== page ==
An early etching of the Emerald Hill Town Hall
I worked in South Melbourne about nine years ago - it’s a great part of Melbourne with a rich history and a diversified range of architecture. Like many suburbs of Melbourne it had many pubs or hotels, almost one on every corner especially as it spreads towards Port Melbourne but that’s another area and story for a later blog.
My view from the cafe window
Originally settled in the 1840s, it was named Emerald Hill during the gold rush days of Victoria.
South Melbourne’s civic centre is dominated by its huge town hall built in the 1880s grandly overlooking the suburb from Emerald Hill. Quietly sitting in the town hall’s shadows is a row either side of double story Victorian era terrace homes. As I walk beside the Town Hall to explore these homes, the trees are starting to blossom and the flower boxes on the second story windows are colours of spring.
The gothic style of the ANZ (Australia & New Zealand) bank
A short walk to the main thoroughfare brings you to Clarendon Street, the shopping or commercial district of South Melbourne with its range of cafes and restaurants.
It’s in the side street leading to Clarendon Street I stopped for coffee and toasted fruit bread for breakfast on my way to work.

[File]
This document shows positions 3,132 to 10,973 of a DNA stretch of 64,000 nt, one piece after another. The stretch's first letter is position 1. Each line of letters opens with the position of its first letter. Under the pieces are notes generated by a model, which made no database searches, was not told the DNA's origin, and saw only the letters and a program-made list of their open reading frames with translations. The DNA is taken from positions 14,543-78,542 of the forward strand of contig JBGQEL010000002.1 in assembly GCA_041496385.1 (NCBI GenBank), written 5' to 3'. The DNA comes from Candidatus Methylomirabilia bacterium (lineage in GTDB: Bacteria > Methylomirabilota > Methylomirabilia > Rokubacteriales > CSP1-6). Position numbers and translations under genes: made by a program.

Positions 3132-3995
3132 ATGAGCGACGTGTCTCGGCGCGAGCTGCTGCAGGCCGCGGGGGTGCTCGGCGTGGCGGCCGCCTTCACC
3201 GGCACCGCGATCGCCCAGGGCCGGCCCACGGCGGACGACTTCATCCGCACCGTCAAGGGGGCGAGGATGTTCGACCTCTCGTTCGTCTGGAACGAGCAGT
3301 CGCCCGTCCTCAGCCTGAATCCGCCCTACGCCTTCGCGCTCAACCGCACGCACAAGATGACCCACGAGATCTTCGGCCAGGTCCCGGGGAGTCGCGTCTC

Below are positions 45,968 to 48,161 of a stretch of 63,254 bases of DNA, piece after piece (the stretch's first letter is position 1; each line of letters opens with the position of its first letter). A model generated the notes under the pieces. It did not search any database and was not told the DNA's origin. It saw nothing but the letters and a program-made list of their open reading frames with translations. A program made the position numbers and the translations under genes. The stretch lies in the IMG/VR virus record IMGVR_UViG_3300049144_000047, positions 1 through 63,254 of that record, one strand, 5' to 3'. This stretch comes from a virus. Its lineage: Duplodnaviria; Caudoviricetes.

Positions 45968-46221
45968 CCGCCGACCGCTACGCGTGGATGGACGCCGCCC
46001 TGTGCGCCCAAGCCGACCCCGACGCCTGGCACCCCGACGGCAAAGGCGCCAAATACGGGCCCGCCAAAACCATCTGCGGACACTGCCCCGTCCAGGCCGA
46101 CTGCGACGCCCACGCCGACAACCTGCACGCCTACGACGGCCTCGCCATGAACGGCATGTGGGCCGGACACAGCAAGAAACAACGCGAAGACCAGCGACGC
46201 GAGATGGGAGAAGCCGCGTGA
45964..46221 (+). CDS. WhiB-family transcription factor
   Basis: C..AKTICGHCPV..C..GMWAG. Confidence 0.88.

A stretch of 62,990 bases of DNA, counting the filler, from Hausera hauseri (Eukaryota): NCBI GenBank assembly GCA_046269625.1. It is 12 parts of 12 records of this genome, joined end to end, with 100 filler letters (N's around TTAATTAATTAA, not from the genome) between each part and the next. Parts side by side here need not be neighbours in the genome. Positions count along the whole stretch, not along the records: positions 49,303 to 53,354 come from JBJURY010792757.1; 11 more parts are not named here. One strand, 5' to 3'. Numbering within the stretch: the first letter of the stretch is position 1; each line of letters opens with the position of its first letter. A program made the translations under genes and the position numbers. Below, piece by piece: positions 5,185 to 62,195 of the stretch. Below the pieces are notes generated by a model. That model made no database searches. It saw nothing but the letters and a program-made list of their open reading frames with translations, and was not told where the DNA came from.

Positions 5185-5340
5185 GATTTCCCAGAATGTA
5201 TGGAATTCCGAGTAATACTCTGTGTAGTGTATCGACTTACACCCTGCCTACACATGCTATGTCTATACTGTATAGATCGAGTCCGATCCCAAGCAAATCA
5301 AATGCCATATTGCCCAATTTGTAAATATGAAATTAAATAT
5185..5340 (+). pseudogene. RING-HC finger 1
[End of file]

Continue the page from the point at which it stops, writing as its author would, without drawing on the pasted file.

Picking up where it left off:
Obviously a favourite with locals, the person serving coffee seemed to know each customer by first name. It was interesting to sit there with my book watching people come and go. I sat with a full view to the street where people were on their way to work. A young couple parted with a kiss as they went in opposite directions with their takeaway coffees.Terrace houses beside the Town Hall
But its her back streets that intrigue me more. Sometimes you’ll find what seems like a grand residence, yet if you look closely, a faded painted sign gives away the building’s past. The name of an old hotel or pub can be seen just slightly against the upper regions of the building.
Just a couple of blocks back from Clarendon Street is the South Melbourne market, a place where a wide range of produce can be purchased. Surrounding the market are interesting little shops and cafes that need exploring. One such shop has taken on the French term Brocante for the antique and junk flowing out of the front door.
South Melbourne has an feeling of relaxed elegance that needs more than just a quick breakfast stop on the way to work. Maybe I’ll take Sue there for breakfast this weekend to explore.
Australia's Kangaroo and Emu look down upon the shoppers of Emerald Hill